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RHYME AND REASON: Couplet at Old Books celebrates National Poetry Month with NC Poet Laureate and others

Celebrating National Poetry Month with Couplet at Old Books this weekend.

MAN OF THE HOUR: Old Books on Front Street will host Couplet, a poetry festival featuring a reading by NC Poet Laureate Shelby Stephenson. Courtesy photo.

April marks the 20th year that National Poetry Month has been celebrated, as inaugurated by the Academy of American Poets in 1996. As one of the largest literary celebrations in the world, bookstores, organizations, publishers, schools, libraries, poets, and many more gather throughout the month to shed light on the written word. Specifically, it’s all about highlighting succinct stories, abstract ideas, emotions, and more through rhythmic cadences or concise verbiage, whether didactics, ballads, fables, free verse, or sonnets.

Locally, Old Books on Front Street will begin their celebration this Saturday, April 21, wherein bookstore owner Gwenyfar Rohler (and encore writer) has a lineup featuring well-known poets, an open mic, a workshop, and lots of other thought-provoking activities. We caught up with Gwenyfar to find out about Couplet—the annual event she holds in honor of National Poetry Month each April.

MAN OF THE HOUR: Old Books on Front Street will host Couplet, a poetry festival featuring a reading by NC Poet Laureate Shelby Stephenson. Courtesy photo.

MAN OF THE HOUR: Old Books on Front Street will host Couplet, a poetry festival featuring a reading by NC Poet Laureate Shelby Stephenson. Courtesy photo.

encore (e): Tell me how Couplet began.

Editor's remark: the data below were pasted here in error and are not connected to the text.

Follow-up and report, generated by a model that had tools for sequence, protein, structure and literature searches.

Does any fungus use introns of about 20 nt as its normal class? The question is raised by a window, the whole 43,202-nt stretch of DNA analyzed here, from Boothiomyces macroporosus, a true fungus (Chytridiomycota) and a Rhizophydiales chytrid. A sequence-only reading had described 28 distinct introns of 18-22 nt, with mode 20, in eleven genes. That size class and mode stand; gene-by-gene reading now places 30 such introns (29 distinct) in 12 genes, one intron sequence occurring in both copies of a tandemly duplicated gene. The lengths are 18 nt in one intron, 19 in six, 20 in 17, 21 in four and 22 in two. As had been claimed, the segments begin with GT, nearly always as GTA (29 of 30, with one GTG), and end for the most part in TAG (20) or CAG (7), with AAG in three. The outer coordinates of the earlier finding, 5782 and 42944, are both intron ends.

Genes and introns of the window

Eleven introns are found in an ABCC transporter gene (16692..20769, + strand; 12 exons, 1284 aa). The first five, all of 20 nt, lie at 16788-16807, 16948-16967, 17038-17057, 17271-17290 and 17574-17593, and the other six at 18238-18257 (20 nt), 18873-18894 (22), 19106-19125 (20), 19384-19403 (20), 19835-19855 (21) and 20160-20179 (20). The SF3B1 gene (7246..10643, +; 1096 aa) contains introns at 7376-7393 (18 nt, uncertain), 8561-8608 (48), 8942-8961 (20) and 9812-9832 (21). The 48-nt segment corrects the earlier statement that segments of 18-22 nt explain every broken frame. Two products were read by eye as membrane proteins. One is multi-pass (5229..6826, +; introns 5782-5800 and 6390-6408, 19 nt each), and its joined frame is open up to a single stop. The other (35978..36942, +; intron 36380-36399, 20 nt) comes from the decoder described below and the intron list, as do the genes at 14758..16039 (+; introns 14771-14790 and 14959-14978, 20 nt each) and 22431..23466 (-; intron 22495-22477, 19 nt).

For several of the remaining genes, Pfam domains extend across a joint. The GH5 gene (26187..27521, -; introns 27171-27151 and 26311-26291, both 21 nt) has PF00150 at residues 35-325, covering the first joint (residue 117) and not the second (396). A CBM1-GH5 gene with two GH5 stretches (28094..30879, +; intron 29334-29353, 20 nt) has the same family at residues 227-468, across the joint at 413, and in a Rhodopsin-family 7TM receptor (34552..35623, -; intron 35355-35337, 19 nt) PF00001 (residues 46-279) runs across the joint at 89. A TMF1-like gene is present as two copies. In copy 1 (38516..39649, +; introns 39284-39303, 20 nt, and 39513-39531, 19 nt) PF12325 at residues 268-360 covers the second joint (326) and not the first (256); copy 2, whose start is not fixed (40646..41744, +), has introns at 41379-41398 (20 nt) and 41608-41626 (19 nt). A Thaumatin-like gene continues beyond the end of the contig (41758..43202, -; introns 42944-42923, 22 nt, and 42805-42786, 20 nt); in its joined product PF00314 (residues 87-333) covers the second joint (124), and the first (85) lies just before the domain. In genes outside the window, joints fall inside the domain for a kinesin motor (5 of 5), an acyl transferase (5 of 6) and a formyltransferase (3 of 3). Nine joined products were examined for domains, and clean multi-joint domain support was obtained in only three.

Gwenyfar Rohler (GR): We started Couplet when we moved into our new building [in 2011]. We have a lot of poets in the area, and I was trying to find a way to develop an event that would both celebrate and enhance their work. So we have workshops with regionally known poets who travel here, coupled with reading opportunities for our local writers.

e: How has it grown?

GR: Well, that first year we accidentally scheduled it for Super Bowl weekend. Somehow the only four people in America who didn’t realize that were planning this together. The next year we moved it to April for National Poetry Month. Like many events, it waxes and wanes, depending upon resources from year to year. Some years we have had book launches from our in-house micro press, New Books on Front St. This year our spring release was all prose, so that wasn’t appropriate for this event.

e: Tell me about your choice of keynotes for the 2016 event; how did you narrow down who would speak and do a workshop? What about these authors are most impressive to you?

GR: Actually, this year’s line up blows my mind. Shelby Stephenson, the NC Poet Laureate, said he would be happy to come. Knowing how busy his schedule is (especially in April), we asked him to pick the date best for him and we built the event around that. His most recent book is published by Press 53.

I have been chatting with Kevin Watson off and on about coming for an event. When we confirmed Stephenson was coming, he marshaled additional Press 53 writers and planned a workshop about working with a poetry press. We usually have a publisher present. In years past it has been Bull City Books and Sable Books for example.

Unfortunately, Watson discovered he was double booked for the weekend and is not coming; though, three of his writers will be here representing the press. But he promises us we will have a workshop with him in the future.

e: How will Stephenson’ role in Couplet unfold? Do you know what he’ll read, or have you asked for anything specific of him?

GR: It is an incredible honor to have Mr. Stephenson visit. He will read from his new collection, probably some of his older work and hopefully talk a bit about his journey and what the work of the poet laureate includes. He has a big heart and a deep, warm personality that is incredibly inclusive. He really is the perfect candidate for the poet laureate of our state.

As far as asking anything specific of him? No. He is a pro—his experience and body of work speak for themselves.